- Underscoring a clinical trial catch-22, Chimerix is withdrawing as a participant in Ebola-focused clinical trials in West Africa as the outbreak begins to wane. Instead, the company will focus on studies evaluating use of brincidofovir,an investigational antiviral, for treatment of adenoviral infections in post-transplant patients.
- Brincidofovir is a lipid-antiviral drug conjugate for use against DNA viruses.
- At the height of the Ebola outbreak, the CDC screened various drugs for potential utility against the Ebola virus. Brincidofovir signaled potency against the virus and was advanced into clinical trials as a potential treatment agent.
On January 2, an open-label, Phase 2 study was initiated to evaluate brincidofovir’s efficacy in 140 Liberian patients with Ebola virus disease at Médecins Sans Frontières' (MSF's) ELWA 3 Ebola Management Centre in Monrovia, Liberia. However, there were only four cases of Ebola reported in Liberia last week and there are not enough patients to complete enrollment requirements for this trial.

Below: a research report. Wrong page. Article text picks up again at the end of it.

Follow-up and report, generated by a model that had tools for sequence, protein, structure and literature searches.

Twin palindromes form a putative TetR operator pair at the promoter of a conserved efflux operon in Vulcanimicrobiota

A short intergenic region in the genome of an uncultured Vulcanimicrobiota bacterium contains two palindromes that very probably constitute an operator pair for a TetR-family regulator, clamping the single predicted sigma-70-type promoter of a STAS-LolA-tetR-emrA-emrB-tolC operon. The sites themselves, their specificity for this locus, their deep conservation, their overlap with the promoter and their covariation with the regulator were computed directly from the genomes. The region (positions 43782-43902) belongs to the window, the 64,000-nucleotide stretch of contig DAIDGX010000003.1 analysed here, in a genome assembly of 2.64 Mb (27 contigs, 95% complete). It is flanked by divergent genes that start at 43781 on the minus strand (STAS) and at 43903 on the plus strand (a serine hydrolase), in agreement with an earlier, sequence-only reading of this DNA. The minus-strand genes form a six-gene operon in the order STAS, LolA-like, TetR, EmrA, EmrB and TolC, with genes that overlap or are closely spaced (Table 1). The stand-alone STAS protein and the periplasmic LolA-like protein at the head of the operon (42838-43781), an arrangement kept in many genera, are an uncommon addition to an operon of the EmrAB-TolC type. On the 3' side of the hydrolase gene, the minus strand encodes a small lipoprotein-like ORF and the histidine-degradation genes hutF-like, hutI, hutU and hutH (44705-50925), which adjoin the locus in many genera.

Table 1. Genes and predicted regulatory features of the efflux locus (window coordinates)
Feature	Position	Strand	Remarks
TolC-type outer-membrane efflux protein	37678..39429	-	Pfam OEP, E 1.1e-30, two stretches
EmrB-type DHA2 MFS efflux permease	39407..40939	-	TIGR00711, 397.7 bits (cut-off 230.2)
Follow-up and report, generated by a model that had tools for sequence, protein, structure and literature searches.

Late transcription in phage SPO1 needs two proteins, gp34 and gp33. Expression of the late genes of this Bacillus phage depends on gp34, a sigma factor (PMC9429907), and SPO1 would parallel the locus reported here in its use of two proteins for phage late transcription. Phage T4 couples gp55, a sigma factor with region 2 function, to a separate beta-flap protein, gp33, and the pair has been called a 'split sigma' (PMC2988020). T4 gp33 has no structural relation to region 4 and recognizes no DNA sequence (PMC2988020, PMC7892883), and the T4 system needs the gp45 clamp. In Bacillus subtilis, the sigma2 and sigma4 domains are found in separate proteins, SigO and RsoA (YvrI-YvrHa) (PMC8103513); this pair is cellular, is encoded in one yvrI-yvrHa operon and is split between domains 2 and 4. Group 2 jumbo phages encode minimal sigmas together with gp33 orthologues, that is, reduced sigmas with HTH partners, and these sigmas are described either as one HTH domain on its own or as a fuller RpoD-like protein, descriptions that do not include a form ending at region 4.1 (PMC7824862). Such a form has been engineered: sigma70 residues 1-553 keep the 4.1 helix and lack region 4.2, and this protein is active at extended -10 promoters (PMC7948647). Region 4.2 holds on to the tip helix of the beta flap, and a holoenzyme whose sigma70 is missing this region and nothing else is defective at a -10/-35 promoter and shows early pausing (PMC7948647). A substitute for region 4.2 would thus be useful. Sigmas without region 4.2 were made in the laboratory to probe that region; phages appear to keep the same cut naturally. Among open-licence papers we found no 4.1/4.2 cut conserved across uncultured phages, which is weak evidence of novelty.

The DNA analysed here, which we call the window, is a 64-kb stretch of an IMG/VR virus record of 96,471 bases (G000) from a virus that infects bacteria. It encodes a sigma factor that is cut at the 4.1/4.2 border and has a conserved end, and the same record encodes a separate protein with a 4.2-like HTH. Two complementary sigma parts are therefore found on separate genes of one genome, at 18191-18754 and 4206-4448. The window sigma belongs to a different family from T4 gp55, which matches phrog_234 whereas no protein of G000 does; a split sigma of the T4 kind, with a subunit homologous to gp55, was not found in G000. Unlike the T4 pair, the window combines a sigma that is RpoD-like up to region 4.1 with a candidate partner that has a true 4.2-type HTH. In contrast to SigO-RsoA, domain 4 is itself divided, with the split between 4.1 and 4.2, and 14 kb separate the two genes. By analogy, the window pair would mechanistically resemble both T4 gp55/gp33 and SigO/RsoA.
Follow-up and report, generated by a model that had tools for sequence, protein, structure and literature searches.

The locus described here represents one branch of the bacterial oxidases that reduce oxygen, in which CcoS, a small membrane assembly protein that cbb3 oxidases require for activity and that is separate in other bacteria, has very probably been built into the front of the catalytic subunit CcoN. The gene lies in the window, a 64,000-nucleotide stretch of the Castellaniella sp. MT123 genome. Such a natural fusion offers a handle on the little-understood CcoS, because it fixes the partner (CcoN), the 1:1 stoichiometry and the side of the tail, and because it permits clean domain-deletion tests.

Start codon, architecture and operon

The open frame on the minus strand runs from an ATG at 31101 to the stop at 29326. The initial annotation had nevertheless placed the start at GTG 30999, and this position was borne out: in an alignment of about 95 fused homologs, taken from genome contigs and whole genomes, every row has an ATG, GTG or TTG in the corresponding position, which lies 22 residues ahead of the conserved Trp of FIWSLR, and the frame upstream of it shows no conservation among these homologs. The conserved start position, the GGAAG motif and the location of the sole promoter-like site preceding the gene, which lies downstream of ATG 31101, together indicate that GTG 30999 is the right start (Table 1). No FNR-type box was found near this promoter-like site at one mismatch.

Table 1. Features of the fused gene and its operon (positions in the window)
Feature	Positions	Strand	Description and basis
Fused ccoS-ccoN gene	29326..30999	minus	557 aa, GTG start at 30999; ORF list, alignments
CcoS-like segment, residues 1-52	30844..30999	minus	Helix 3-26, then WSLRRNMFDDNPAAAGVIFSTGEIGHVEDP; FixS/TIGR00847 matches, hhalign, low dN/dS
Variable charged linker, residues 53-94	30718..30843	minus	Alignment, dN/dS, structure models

For this reason, Chimerix is redirecting its attention back to its original focus on adenoviruses and CMV. There is a significant unmet medical need associated with adenoviral infections, which have an 80% fatality rate in the most susceptible patients—those who develop adenoviral infections after an organ transplant.
Brincidofovir offers many advantages, including the fact that it does not have the dose-limiting toxicity of its predecessor, cidofovir (made by Gilead), and that it can be used orally.